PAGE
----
Is it possible to savor, absolutely s-a-v-o-r the moment?  Savor the wait, savor the whining, savor the stuck wheel on the cart.  This precious moment of life that you have been given.  What a miracle it is.

What I would ask Nancy Lanza

Memorial for Sandy Hook victims

Even as the New Year dawns and I’m teased with new beginnings and bright possibilities, I’m also still mourning how the Old Year concluded with the terrible tragedy at Sandy Hook Elementary School.  I find that I keep vacillating between tears and numbness; I can only hold so much sorrow and despair before I have to shut down for a while and not feel. Then slowly, the sadness and grief return.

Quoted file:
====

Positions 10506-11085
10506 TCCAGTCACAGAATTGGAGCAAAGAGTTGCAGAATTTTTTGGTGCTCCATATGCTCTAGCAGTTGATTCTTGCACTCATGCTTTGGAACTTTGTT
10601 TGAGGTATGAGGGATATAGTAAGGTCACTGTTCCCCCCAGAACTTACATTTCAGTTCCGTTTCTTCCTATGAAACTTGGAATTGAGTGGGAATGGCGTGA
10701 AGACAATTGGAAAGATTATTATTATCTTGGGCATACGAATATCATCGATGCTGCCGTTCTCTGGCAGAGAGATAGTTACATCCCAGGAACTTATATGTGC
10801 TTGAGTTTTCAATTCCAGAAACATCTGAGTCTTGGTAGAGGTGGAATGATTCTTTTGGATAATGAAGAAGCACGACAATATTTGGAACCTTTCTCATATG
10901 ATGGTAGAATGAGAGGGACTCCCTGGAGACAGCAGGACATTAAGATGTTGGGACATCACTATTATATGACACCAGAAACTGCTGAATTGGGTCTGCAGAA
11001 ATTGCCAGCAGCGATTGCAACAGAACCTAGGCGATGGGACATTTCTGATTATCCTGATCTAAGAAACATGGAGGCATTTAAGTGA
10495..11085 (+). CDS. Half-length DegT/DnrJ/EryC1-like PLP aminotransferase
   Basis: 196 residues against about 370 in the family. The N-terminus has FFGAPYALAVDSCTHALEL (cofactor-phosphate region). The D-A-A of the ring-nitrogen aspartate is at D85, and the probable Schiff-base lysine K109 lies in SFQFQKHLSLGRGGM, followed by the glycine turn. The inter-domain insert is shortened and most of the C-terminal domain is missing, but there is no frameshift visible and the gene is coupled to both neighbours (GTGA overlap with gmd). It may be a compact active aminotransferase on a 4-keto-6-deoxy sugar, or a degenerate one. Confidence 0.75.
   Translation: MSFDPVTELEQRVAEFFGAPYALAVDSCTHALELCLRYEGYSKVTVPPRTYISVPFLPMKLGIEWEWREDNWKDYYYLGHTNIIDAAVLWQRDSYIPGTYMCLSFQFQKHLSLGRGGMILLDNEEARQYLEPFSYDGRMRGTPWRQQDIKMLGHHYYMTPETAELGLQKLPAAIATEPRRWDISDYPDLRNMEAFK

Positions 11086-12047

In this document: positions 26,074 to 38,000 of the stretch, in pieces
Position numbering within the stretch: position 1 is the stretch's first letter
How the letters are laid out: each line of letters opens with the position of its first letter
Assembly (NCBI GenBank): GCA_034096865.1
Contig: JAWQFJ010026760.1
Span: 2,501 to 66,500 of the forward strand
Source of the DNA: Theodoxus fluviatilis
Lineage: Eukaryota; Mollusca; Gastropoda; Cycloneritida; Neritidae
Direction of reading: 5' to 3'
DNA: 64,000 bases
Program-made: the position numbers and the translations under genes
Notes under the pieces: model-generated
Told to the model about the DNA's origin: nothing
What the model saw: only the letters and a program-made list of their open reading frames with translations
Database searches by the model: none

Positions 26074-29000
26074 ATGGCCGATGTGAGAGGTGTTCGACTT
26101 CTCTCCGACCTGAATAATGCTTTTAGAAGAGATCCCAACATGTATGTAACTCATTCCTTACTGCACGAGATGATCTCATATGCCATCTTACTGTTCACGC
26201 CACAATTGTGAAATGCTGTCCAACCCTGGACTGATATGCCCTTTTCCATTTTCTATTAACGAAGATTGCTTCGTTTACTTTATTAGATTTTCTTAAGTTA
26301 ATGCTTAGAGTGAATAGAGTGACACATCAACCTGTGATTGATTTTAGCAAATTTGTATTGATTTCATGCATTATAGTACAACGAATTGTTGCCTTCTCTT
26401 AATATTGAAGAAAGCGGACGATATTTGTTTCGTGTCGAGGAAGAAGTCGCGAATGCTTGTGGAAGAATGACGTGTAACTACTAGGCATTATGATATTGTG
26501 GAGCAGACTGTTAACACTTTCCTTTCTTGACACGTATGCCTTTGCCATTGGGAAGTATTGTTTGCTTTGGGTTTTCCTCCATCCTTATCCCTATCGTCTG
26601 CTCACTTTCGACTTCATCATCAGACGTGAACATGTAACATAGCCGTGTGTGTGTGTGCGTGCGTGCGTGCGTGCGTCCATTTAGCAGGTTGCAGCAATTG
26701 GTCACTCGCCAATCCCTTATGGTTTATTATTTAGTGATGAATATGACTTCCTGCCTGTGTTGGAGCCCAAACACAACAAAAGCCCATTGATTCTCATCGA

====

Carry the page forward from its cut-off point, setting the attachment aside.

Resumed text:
What has touched me most in this ordeal is reading about Adam’s mom, Nancy, and how it appears she was so isolated while dealing with her son’s increasingly extreme social withdrawal. Aside from a few conversations with casual friends, it appears that she faced her uncertainties, worries, and hard choices alone.  Her acquaintances are quick to describe her as happy and cheerful, but I imagine a different Nancy Lanza living behind the closed doors of her big beautiful home in Newtown.  I imagine a mom who desperately wanted her son to “fit in” and who was sick with worry about how to reach him as he slipped away, receding further and further into his own world.